Given any abelian variety {A} and a Hodge class {\alpha} on {A}, there exists a family {\mathcal{A}\stackrel{\pi}{\rightarrow}B} of abelian varieties with {B} irreducible and quasi-projective such that there exists {0\in B} with {\mathcal{A}_0\cong A} and the Hodge locus of {\alpha} is {B}, and there is {t\in B} where {\mathcal{A}_t} is CM.

Proof: Choose a polarization {Q} and let {G=\mathrm{Aut}(H^1(A,\mathbb{Q}),Q)} and {M=MT(A)} the smallest {\mathbb{Q}}-subgroup whose {\mathbb{R}}-points contain the image of {\phi:\mathbb{S}^1\rightarrow G(\mathbb{R})}.

Abelian varieties of the same kind, along with a choice of basis for {H^1(A,\mathbb{Z})}, are parameterized by the period domain {D=G(\mathbb{R})/K}.

Note: points of {D} are classes of {gH} in terms of {\phi}. {\phi_{gH}=g\phi g^{-1}}.

Main idea: family comes from the Mumford-Tate domain: {D_\phi=M(\mathbb{R})/M(\mathbb{R})\cap K\subset D}.

This should have the properties that for all Hodge structures {H'\in D_\phi},

  1. {MT(H')\subset M}
  2. any Hodge tensor for {A} is a Hodge tensor for {H'}
  3. {\phi_{H'}=g\phi g^{-1}} for {g\in M(\mathbb{R})}.

Finding CM points corresponds to finding points with abelian MT. {\phi(\mathbb{S}^1)\subset M(\mathbb{R})} contained in some maximal {\mathbb{R}}-toruc {T_0}, and we can show that for {\xi_0\in m_\mathbb{R}} generic, {T_0} is the stabilizer of {\xi_0}.

Nearby, there exists {\xi\in m_{\mathbb{R}}} close to {\xi_0}, then if {T} is the stabilizedr of {\xi}, it is a {\mathbb{Q}}-torus. There exists {g\in M(\mathbb{R})} such that {\xi=g\xi_0 g^{-1}}, and {g\phi g^{-1}} has image in {T}. Then {MT(H_{g\phi g^{-1}})\subseteq T} is abelian.

Problem: family over quasi-proj base, not {D_\phi}. Solution: Fix an {N>>0} and use a level {N} structure.

Define {\mathcal{M}_{g,Q,N}} to be the moduli space of abelian varieties of dimension {g} with polarization {Q} and level {N} structure (a basis of the {N}-torsion points) and let {\mathcal{A}_{g,Q,N}\rightarrow \mathcal{M}_{g,Q,N}} the universal family. OUr replacement for {D_\phi} is to let {B\subset \mathcal{M}_{g,Q,N}} be the Hodge locus of the Hodge tensors for {H^1(A,\mathbb{C})} defining {MT(A)}.

{B} is algebraic by CDK, and finite etale over {\Gamma\backslash D_\phi}. In this case, things are ok. \Box

Proof that (for {A} simple), {MT(A)} abelian implies {A} is CM.

We start with the fac tthat {E=\mathrm{End}(A)\otimes \mathbb{Q}} is a division algebra, since {A} is simple. It is also the sety of {\mathbb{Q}}-endomorphisms that commute with {MT(A)=M}. So we know that {M} is abelian, and thus it acts on {H^1(A,\mathbb{Q})}, and we can write {H^1(A,\mathbb{C})=\oplus_\chi H^1(A,\mathbb{C})_\chi} for characters, and thus {E\otimes\mathbb{C}=\oplus_i \mathrm{End} H^1(A,\mathbb{C})_\chi}.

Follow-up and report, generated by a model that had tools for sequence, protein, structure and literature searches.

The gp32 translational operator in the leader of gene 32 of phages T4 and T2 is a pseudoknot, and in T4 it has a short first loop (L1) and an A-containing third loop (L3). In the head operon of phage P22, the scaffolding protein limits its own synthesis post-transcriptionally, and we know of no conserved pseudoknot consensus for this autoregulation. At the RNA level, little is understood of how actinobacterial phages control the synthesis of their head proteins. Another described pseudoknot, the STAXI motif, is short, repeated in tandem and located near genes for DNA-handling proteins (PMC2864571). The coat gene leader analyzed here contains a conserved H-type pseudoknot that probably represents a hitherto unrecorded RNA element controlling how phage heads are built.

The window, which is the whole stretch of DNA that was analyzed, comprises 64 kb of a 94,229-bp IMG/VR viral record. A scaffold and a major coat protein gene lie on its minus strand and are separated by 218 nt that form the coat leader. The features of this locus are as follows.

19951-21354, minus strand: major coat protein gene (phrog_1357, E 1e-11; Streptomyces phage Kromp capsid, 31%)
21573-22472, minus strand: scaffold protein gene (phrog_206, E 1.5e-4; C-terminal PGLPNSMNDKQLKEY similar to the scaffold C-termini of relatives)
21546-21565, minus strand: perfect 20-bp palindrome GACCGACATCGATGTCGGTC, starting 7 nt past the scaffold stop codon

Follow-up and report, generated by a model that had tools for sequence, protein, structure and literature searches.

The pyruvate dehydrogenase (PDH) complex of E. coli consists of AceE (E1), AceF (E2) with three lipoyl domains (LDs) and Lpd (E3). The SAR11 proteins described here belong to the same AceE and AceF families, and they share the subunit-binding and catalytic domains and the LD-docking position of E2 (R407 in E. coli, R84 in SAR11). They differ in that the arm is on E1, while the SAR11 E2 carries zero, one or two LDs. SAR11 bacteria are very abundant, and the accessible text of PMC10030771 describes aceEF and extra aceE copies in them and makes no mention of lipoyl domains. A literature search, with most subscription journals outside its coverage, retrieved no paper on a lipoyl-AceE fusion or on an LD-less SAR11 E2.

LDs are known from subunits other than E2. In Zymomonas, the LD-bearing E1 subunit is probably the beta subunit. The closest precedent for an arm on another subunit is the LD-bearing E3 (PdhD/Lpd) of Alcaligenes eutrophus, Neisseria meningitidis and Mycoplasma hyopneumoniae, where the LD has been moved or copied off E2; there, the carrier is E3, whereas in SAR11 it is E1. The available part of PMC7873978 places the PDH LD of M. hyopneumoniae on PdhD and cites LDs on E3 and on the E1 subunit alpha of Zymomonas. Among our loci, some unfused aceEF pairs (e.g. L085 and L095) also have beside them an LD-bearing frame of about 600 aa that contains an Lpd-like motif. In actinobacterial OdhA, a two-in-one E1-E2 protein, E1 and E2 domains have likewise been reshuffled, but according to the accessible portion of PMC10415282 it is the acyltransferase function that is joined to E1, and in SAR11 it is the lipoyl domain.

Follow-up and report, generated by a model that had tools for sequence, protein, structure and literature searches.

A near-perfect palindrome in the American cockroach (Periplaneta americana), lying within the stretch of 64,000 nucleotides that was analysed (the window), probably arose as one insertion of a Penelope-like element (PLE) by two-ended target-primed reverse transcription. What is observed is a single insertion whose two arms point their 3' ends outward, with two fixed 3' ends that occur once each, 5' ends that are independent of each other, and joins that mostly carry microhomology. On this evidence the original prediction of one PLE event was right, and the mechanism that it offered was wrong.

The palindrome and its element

And so {\dim_\mathbb{Q} E\geq \dim H^1(A,\mathbb{Q})=2\dim A} is bounded above by {2\dim A}. So {2\dim A=\dim\mathbb{Q} E} and thus {E} is a commutative field, so {\dim_E H^1(A,\mathbb{Q})=1}.

Now, use teh Rosati involution {\phi\mapsto \phi^t} on {E}, and {Q(\phi h_1,h_2)=Q(h_1,\phi^t h_2)}, and {F} the fixed field. We claim that {[E:F]=2} and {F} is totally real.

We have that {F=\mathbb{Q}(\phi)}, with {\phi=\phi^t} and take the minimal polynomial. Then {\lambda_j}, the roots, are the eigenvalues of the action of {\phi} on {H^1(A,\mathbb{Q})}, and if we set {\lambda=\lambda_j}, and {\phi} acts on {H^1(A,\mathbb{C})} preserving {H^{1,0}\oplus H^{0,1}}, there exists {h\in H^{1,0}} with {\phi(h)=\lambda h}, {\phi(\bar{h})=\bar{\lambda}\bar{h}}. Look at {Q(\phi h, \bar{h})=Q(h,\phi \bar{h})}, this is {\lambda Q(h,\bar{h})=\bar{\lambda}Q(h,\bar{h})} and so {\lambda=\bar{\lambda}}, so {\lambda\in\mathbb{R}}.

6. Griffiths – Colloquium – Hodge Theory and Representation Theory

Joint work with Mark Green and Matt Kerr

Lecture went faster than I could type. No notes.

About Charles Siegel

Charles Siegel is currently a postdoc at Kavli IPMU in Japan. He works on the geometry of the moduli space of curves.